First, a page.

Tesco's pricing dispute with Unilever shows pricing pressures faced by retailers

Vegemite anyone?

Last week Tesco removed all Unilever products from its online store, following a decision by Unilever to raise its UK wholesale prices to compensate for the drop in the value of the pound.

Although the dispute has now been resolved, this is the first sign in the retail sector of the pressures faced by the UK economy in a post-Brexit referendum world.

What happened?

The value of the sterling against the US$ and the Euro has been dropping since the referendum result was announced on 24 June.

Unilever is the UK's biggest food and grocery manufacturer, but many of its product lines are made outside the UK. Therefore, if the value of the pound decreases, it becomes more expensive for goods to be imported into the UK.

As a result of the sudden drop in the value of the pound, Unilever demanded an increase in the wholesale price it charges to Tesco. It is reported that the increase was as much as 10%. While supplier/retailer price negotiations are an every-day occurrence, a 10% increase is certainly unusual and it is even more unusual for a retailer to remove a supplier's product from stock altogether.

Retailers' profit margins are generally much smaller than their suppliers'. Most supermarkets operate on profit margins of 2-3%, while their suppliers' margins are typically between 20-30%. Therefore, Tesco argued that Unilever were in a better position to bear the burden of the change in the pound's value, otherwise Tesco would have been forced to pass the price increase onto its customers. It appears that Tesco chose to fight its customers' corner and take measures to resist the change.

What does this mean for your business?

Retailers who rely on importing goods should expect wholesale prices to increase and that it may become difficult to maintain profit on those products. Businesses may reach a point where there is no choice but to pass the increase on to the customer.

The British Retail Consortium and the CBI have both issued warnings that consumers should expect the increase in import prices to be passed on to them. Food and fuel prices are widely expected to be the first to increase.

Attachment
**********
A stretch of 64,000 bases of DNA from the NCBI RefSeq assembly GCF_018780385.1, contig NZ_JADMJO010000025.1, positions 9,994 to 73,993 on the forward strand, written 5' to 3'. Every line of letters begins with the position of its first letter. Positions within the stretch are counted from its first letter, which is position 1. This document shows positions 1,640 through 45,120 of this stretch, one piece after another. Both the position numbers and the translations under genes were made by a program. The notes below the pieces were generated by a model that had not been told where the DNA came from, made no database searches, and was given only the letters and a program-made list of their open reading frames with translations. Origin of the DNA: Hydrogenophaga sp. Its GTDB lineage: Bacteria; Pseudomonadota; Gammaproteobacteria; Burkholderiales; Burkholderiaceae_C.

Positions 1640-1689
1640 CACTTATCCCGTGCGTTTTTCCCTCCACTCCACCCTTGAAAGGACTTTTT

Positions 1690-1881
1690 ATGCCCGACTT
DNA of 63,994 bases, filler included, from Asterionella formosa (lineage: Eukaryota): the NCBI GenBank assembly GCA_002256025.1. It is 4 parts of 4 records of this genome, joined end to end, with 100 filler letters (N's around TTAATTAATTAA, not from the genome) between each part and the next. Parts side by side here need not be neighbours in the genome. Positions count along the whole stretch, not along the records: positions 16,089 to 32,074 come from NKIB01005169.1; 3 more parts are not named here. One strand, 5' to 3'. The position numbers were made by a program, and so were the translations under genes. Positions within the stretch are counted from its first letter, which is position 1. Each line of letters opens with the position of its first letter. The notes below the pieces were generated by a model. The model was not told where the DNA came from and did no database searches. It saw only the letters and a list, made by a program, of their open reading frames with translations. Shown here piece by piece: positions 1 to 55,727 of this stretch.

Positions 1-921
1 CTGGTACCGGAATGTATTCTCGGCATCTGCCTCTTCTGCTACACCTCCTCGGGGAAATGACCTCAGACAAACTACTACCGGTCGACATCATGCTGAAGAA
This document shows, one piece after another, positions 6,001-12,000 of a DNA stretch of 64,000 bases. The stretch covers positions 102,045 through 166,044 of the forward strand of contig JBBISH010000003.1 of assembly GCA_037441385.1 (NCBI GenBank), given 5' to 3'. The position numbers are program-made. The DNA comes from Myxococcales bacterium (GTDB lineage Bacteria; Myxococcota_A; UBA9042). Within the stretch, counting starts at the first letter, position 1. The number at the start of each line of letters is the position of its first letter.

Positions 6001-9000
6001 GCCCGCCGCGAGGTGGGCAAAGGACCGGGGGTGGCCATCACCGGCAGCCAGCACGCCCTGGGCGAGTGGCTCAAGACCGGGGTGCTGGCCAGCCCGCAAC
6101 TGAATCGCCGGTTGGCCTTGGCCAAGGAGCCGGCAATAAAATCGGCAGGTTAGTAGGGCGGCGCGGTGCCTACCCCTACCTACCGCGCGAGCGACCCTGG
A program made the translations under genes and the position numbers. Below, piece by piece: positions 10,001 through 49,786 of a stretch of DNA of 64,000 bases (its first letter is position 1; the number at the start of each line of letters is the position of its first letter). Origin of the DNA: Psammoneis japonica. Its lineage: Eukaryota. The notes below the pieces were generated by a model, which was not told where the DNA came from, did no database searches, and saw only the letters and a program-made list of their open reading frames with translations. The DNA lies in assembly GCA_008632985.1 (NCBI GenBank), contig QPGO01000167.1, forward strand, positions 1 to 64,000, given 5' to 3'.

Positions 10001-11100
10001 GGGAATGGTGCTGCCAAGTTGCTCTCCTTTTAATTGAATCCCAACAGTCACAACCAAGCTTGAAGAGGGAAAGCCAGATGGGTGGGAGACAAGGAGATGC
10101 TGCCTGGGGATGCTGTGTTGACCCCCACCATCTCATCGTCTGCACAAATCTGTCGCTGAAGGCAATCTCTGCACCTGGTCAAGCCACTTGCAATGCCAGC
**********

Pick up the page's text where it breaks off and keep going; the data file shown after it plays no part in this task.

It's not all bad news:

The UK has been operating at a trade deficit - where our imports of goods and services have far outweighed our exports. The drop in the value of the pound means that it is cheaper for non-UK businesses to buy goods from the UK and businesses should expect an increase in international orders and the deficit should be significantly reduced, if not reversed.

What should you do now?

Review the price review and currency fluctuation provisions in your supply agreements - when and how do they allow your suppliers to change their prices? If so, is there scope to restrain those changes, in order to maintain your profit and avoid passing price increases on to your customers? Ashfords can assist you with this if you are not sure.

If you don't have a supply agreement in place with your key suppliers you should consider putting one in place now. Again, Ashfords can assist you with this and we can help you negotiate appropriate price control mechanisms, to provide you with predictability on supply prices.

Consider whether an alternative supplier might be cheaper and, if so, whether you can terminate your existing supply agreement in favour of a new supplier on better commercial terms.

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